5.2 Experimental Results

We first train pix2pix and CycleGAN multiple times by feeding different datasets. Then, we train our proposed model and StarGAN as unified models, where a single model handles all tasks. StarGAN was trained on 6 domains and our model was trained on 14 domains. All models are trained to translate 128128 images.

5.2.1 Qualitative Evaluation

In Fig.4, we compare our results with pix2pix, CycleGAN and StarGAN. Qualitatively, the results of our model have a small gap to supervised mehtod, pix2pix. However, the results of our method have similar visual quality comparing with CycleGAN, but we only need a single model to handle these tasks. As the figure shows, facade labels photos, cityscape labels photos and aerial maps photos are considerable different. StarGAN fails to translate facades photo labels and cityscape labels photos and has poor performance in other tasks. Comparing to StarGAN, we successfully translate all tasks by the unified model.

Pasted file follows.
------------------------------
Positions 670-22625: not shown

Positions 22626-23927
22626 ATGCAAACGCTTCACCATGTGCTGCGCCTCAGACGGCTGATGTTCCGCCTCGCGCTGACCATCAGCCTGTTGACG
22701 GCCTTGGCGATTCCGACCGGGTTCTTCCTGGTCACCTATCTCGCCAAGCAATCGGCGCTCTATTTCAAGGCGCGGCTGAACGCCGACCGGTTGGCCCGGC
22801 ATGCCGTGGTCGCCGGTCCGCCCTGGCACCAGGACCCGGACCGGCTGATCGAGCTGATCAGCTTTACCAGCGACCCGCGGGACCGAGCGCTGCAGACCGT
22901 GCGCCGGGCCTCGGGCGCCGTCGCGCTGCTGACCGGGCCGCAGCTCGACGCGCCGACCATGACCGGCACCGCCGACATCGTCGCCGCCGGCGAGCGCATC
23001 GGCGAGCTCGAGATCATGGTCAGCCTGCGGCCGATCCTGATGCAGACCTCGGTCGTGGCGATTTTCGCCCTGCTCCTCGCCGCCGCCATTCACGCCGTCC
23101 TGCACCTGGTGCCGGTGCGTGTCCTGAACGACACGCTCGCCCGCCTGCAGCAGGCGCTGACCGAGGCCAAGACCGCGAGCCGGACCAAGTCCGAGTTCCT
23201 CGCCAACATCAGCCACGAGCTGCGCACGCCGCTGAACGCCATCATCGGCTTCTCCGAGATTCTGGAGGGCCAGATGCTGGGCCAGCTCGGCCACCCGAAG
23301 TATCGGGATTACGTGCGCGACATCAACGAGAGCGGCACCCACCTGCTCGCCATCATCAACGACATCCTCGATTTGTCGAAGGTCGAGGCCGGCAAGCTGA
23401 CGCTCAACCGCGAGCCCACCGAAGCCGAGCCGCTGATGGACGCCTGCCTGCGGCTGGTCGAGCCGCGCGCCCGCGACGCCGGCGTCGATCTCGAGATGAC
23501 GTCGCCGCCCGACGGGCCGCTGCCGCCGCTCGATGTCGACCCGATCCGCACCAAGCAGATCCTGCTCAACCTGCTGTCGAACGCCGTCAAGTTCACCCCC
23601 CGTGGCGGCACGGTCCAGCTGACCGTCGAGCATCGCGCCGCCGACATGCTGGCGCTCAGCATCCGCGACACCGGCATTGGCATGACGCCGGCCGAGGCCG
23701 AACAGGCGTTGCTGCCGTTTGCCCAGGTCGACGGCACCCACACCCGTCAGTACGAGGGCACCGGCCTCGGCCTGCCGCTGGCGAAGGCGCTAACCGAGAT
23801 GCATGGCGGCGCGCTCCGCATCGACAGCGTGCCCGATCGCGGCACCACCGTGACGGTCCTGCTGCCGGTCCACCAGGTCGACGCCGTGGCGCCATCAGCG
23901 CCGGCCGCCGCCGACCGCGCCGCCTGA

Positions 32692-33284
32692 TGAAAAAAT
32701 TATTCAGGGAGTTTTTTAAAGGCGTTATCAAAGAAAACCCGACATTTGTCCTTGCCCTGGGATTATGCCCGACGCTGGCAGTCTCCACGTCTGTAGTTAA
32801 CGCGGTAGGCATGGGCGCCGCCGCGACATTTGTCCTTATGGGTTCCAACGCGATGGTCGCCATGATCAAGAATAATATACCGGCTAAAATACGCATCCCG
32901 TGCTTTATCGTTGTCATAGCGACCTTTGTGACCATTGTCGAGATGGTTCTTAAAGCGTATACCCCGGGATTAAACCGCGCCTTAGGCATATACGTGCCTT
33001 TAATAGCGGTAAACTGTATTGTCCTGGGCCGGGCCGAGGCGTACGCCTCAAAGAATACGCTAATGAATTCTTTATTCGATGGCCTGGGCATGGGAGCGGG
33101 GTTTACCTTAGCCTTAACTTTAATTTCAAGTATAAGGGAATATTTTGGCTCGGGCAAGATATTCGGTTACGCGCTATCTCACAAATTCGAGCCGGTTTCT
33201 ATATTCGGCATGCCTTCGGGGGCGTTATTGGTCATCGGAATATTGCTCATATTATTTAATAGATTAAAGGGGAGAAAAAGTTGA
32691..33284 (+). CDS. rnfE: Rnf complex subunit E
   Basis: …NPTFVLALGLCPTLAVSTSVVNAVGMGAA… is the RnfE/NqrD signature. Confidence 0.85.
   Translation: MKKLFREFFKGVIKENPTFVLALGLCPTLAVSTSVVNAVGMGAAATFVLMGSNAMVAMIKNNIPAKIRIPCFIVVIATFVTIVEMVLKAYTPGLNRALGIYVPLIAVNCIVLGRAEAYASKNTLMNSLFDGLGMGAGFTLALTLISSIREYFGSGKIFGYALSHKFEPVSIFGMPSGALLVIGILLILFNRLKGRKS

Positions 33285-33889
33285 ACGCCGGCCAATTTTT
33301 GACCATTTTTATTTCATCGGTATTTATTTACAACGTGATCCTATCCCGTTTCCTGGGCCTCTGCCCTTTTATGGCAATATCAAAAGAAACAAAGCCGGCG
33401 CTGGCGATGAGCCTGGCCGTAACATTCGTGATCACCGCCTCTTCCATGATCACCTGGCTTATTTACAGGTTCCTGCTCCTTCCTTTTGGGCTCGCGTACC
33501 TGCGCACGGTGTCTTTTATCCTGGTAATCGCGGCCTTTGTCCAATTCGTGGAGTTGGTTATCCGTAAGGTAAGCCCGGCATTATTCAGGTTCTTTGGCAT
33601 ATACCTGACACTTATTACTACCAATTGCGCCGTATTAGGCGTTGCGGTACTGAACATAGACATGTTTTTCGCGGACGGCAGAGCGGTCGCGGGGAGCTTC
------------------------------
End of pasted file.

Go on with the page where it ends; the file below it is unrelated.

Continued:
Figure 4: The comparisons between our model with the baseline models. From up to down: facade labels photos, cityscape labels photos and aerial maps photos

As we randomly crop the training data to 128128 to train the model, our model is able to generate high-resolution images (512512). We run our model convolutionally on the 512512 aerial maps at test time. Fig.5 shows the high-resolution images generated by our model.

Figure 5: The high-resolution images generated by our model.

We train a single model to learn the mappings between 14 domains. Fig.6 and Fig.7 shows the results of season transfer, face hallucination and style transfer. Note that there are 8 datasets including 14 domains because Van Gogh Photos, Monet Photos and Cezanne Photos use the same set of photographs as the training data. On the other hand, although, there are only 88 pairs of training images in CUHK Students dataset. Our model successfully translate this task without any specific setting.

Figure 6: Results of Season Transfer and Face Hallucination
Figure 7: Results of Style Transfer

5.2.2 Quantitative Evaluation